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Old 12-31-2012, 02:18 PM   #1
citabria
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Default the next step... Trying to brew great beer.

So I've gotten to the point where I can brew good beer, but not great. I am hitting my numbers and doing everything correctly as far as process go, but my homebrews are not even close to a good craft brew. What is the next step to get my beers close to that level? Better fermentation temp control? Faster chilling? What one thing brought your beers from good to great? Here's my setup:

9 gal SS brew kettle
old turkey fryer burner (>30,000 BTU)
Immersion chiller
MLT Igloo cooler conversion with SS braid (batch sparging).
Old Aluminum kettle for HLT
Several Better Bottle carboys.
Still bottling, not kegging.
Fermenting in basement.
No ability to crash cool a carboy.

Thanks for the input!

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Old 12-31-2012, 02:21 PM   #2
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One thing? Proper yeast management. Those little buggers do all the work. So that includes everything from using a healthy yeast stock, adequate starters, proper temperature control, and clean technique.

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Old 12-31-2012, 02:23 PM   #3
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One thing? Proper yeast management. Those little buggers do all the work.
Yes, that. Pitching the proper amount of healthy yeast and keeping the fermentation temperature at the proper temperature will make a good beer great.

One other thing to think about is your water. What water are you using for brewing?
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Old 12-31-2012, 02:24 PM   #4
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Yeast starters, Great sanitation, Controlled fermentation temps, Start with proven recipes (Brewing Classic Styles). Patience with fermentation time. I think if you can do those things you can brew great beer.

+1 to water - forgot that. Depending on your water it may make a minor difference, or it could be a huge difference. Get water report from Ward Labs if you have not already figured out what your water is like.

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Old 12-31-2012, 02:28 PM   #5
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Yeast starters, Great sanitation, Controlled fermentation temps, Start with proven recipes (Brewing Classic Styles). Patience with fermentation time. I think if you can do those things you can brew great beer.

+1 to water - forgot that. Depending on your water it may make a minor difference, or it could be a huge difference. Get water report from Ward Labs if you have not already figured out what your water is like.
Agreed - don't get too creative with recipes until you really understand how different ingredients impact the flavor of a finished beer. Fermentation temperature control, proper pitching rates, proper water profile for style, and using pure O2 have all made significant improvements in the quality of beer I've been able to make. Once you get to the point where you think your beer has improved enter some competitions to get objective feedback.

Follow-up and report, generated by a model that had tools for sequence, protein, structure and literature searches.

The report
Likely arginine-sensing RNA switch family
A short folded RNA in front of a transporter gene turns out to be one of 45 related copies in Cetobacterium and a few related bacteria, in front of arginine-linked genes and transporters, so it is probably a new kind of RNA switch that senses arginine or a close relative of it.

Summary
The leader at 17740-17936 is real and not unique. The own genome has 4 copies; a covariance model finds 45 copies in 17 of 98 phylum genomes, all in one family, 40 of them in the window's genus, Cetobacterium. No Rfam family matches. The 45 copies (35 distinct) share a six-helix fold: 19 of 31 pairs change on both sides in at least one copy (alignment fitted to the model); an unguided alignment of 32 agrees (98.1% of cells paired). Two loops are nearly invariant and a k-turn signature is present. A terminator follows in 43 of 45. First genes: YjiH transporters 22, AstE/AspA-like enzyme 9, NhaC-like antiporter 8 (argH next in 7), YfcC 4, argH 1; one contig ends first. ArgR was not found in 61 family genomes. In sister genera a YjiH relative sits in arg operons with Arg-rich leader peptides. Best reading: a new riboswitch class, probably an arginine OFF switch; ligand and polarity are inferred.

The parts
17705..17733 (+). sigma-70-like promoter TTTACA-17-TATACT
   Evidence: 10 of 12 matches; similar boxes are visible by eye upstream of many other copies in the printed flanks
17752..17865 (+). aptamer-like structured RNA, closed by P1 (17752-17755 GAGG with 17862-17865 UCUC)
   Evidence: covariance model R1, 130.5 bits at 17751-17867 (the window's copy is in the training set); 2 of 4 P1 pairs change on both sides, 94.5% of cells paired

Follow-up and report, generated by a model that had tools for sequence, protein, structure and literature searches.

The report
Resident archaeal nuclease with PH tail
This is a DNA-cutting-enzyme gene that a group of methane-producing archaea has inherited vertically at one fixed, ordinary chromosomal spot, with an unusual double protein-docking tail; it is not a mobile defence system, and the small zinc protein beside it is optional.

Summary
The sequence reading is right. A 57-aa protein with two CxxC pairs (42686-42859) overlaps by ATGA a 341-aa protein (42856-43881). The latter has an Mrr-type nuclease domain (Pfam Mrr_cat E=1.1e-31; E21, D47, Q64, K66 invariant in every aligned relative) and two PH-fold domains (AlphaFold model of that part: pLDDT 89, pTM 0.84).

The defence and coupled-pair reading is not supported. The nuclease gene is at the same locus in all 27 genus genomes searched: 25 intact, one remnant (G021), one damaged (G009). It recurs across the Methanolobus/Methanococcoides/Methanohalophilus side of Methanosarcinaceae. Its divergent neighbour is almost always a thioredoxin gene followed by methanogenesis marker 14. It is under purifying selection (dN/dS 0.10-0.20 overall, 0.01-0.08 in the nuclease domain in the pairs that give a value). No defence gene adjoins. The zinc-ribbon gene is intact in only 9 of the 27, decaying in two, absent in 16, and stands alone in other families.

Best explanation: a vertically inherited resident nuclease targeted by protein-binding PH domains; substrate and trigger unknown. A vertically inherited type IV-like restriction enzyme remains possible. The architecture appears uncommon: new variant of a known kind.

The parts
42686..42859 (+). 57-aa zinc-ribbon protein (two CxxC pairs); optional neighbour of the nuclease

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Old 12-31-2012, 02:50 PM   #6
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Great suggestions. I do make starters but do not have a stir plate. Think I'll make that my next project. I live in CO in an are well known for good quality water (mountain runoff), so I 'feel' like that is not an issue but have never had it tested.

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Old 12-31-2012, 02:58 PM   #7
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Great suggestions. I do make starters but do not have a stir plate. Think I'll make that my next project. I live in CO in an are well known for good quality water (mountain runoff), so I 'feel' like that is not an issue but have never had it tested.
I just purchased a very affordable yeast stirrer...can't vouch for it yet but very good reviews. That (and grain milling at home) are my next projects.

This "hobby" keeps dragging me deeper and deeper into the process. I may be growing barley and hops by this time next year at the pace I am going. I find it fascinating.

Here is the link to the yeast stirrer...seems cheaper than making your own.

https://bellsbeer.com/store/products...tir-Plate.html
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Old 12-31-2012, 03:06 PM   #8
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+1 to all of the above and I would add the following:

There are two books I would recommend: "Yeast" by White/Zainasheff and "Brewing Better Beer" by Strong. The book yeast is a difinitive resource in understanding yeast and it's role in making beer. If you can tolerate Strong's somewhat pompous attitude and grandizing of his own achievements I found the book to have a lot of great ideas for process that can be adapted to your own methods.

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